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Spider Information

Identify a Hobo Spider | Where did they come from?
How can I control them? | What about the bite?
Brown Recluse Spiders? | For further information - New! 3 Cases cited
What does the web look like? | Click Here to tell us your story
Still have a question? Check out our F.A.Q. page.

Identify a Hobo Spider

Male Hobo Spider

Female Hobo Spider


Click here for an enhanced diagram

Hobo Spiders are brown and measure roughly 12 to 18 mm in length.  Their legs show no distinct rings and have short hairs.  Their abdomens have several chevron shaped markings.  Males are distinctively different from females in that they have two large palps that look like boxing gloves.  These palps are often mistaken for fangs or venom sacs, but they are in fact the male genitalia.  The females also have these palps, but the ends are not 'swollen' as they are on the males.  Females tend to have a larger abdomen when compared to males. Click here to read stories of people who've been bitten.
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Where did they come from?

Click for larger images


Photo by Jeb Blakeley in Idaho 12/2003


Photo by Jeb Blakeley in Idaho 12/2003

Tegenaria agrestis, also called the Hobo Spider as well as the Aggressive House Spider (AHS), has been suspected of presiding in the United States as early as the 1920's and 1930's. Originally from Europe, the Hobo Spider is a species foreign to the United States. They are believed to have been transported to the United States via shipping lanes and ended up in Seattle, Washington. Since then they have slowly expanded throughout the Northwestern United States and Western Canada. Despite their increasing range and population, public awareness of these spiders has been surprisingly low, primarily because the Brown Recluse Spider has been inaccurately blamed for the bites that people receive from Hobo Spiders.
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How can I control them?

Experts on dangerous spiders in North America agree that pre-baited traps are the most effect means available to control Hobo Spider populations.  Bug bombs and pesticides have proven highly ineffective against them and, in fact, are prone to help them because they result in killing their natural predatory spiders, allowing their population to expand unhindered!  For more information on BigH Traps, click here.
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What does their bite look like?

To the left is a picture of a Hobo Spider bite.  About 50% of Hobo Spider bites are 'dry,' meaning that no venom is injected and nothing happens to the victim.  In fact, often times the victim does not even realize that he has been bit.  Typically, when venom is injected, the victim will experience an immediate redness which develops around the bite then begins to disappear within a few hours.  Very often, for the first 24 hours, the bite appears to be no worse than that of a mosquito; then it begins to blister in the center.  Within 24 to 36 hours the blister breaks open, leaving an open, oozing ulceration.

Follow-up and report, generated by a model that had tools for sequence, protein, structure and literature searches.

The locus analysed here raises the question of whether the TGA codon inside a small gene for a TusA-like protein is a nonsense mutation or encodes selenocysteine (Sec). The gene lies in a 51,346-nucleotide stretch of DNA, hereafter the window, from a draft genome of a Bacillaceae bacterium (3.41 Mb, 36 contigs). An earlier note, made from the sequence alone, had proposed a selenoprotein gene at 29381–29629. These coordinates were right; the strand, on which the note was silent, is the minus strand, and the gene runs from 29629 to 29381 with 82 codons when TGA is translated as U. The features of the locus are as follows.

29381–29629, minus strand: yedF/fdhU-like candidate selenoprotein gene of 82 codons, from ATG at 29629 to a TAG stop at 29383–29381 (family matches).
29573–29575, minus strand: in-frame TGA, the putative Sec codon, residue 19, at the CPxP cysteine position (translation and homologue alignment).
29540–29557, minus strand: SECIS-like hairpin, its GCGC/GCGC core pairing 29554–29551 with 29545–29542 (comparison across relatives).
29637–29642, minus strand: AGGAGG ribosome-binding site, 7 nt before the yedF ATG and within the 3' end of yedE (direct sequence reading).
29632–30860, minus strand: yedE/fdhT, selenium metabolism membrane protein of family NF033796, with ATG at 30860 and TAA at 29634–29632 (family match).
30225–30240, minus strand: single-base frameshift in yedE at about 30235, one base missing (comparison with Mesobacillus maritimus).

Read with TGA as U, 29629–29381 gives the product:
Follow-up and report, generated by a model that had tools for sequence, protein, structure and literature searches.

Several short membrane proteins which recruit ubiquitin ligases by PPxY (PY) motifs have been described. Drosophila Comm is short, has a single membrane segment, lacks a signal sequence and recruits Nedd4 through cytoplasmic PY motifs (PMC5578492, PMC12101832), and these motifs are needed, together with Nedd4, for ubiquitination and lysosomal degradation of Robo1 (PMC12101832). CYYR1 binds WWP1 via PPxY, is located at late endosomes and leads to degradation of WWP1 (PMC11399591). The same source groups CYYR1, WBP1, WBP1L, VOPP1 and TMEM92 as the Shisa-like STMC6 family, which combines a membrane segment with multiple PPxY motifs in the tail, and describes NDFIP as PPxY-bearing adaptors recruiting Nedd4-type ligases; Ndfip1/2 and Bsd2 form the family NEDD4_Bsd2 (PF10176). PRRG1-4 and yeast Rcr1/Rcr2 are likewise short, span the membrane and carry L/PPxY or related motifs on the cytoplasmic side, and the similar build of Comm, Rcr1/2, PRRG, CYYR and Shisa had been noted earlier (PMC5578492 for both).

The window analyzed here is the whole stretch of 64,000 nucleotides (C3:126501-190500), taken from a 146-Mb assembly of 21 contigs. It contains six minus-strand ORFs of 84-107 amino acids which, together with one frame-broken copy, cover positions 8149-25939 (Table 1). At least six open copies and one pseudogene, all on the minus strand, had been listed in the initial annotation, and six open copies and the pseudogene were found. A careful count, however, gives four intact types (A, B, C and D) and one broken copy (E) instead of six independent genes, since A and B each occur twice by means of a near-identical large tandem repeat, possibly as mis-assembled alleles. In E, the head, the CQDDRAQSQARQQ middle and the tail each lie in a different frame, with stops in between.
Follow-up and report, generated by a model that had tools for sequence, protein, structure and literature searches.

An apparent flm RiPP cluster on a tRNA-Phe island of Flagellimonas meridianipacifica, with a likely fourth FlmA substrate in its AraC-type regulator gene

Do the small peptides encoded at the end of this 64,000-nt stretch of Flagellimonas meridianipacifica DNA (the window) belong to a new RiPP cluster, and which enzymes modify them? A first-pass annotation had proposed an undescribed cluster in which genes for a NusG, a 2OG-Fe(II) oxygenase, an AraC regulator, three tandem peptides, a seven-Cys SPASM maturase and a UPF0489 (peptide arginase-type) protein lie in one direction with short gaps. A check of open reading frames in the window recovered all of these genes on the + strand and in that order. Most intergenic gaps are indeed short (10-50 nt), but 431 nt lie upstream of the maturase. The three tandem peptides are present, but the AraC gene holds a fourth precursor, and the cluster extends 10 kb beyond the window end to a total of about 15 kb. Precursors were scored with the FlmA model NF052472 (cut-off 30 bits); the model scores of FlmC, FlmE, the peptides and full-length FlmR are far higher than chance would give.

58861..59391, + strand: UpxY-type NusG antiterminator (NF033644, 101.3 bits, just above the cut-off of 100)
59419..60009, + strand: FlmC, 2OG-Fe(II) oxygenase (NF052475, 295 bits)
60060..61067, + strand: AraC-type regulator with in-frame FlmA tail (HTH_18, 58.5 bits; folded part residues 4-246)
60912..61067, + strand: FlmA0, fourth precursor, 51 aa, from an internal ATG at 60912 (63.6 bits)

This ulceration 'scabs' over within three weeks from the initial bite, leaving a permanent scar.  If the bite is delivered in fatty tissue, the lesion may be very deep and extensive, not healing for over two or three years.  Systemic reactions to Hobo Spider poisoning include severe headaches, nausea, vomiting, soreness and flu-like symptoms.  In extreme cases where the bite was not taken care of early, skin graft, amputation, and the possibility of bone marrow failure may occur.
Click here to read stories of people who've been bitten

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Are Hobo Spiders Brown Recluse Spiders?

For years there have been numerous reports of spider bites in the Northwest United States in which the Brown Recluse Spider was blamed, despite the fact that they reside in the Mid-Southern to Southeast United States.  Brown Recluse Spiders have bite effects and symptoms that are nearly identical to Hobo Spiders.  Because the Brown Recluse Spider is known more throughout the general population, they had been, and still are today, wrongfully accused of the insidious effects of Hobo Spider bites.  Our traps are recommended for Brown Recluse Spiders as well.
More information on Brown Recluse Spiders
Read stories of people who've been bitten
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What does the Hobo's Web look like?

The hobo spider creates a non-sticky (in spider standards) trip web that doesn't permanently stick insects to the web.  Instead, once the prey trips on the web the hobo spider attacks the prey before it can get away.  This along with its poor eye site explains why they are noticeably more aggressive to humans then other spiders.  They have to attack to eat otherwise it would die of starvation.  The webs they make are funnel shaped and are often attached to an object in the yard, by the foundation, between planters, or anything that remains stationary near the ground level.  It also makes webs under the siding of homes and attaching to plants or weeds.  Here is an example of a large hobo spider web(20% of actual size).  Most webs are not as obvious and large, these are pictures taken between 2 planters for new trees.
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For further information

We are working on including more information here but to find more information on Hobo Spiders and other species of arachnids, feel free to visit the links provided below.

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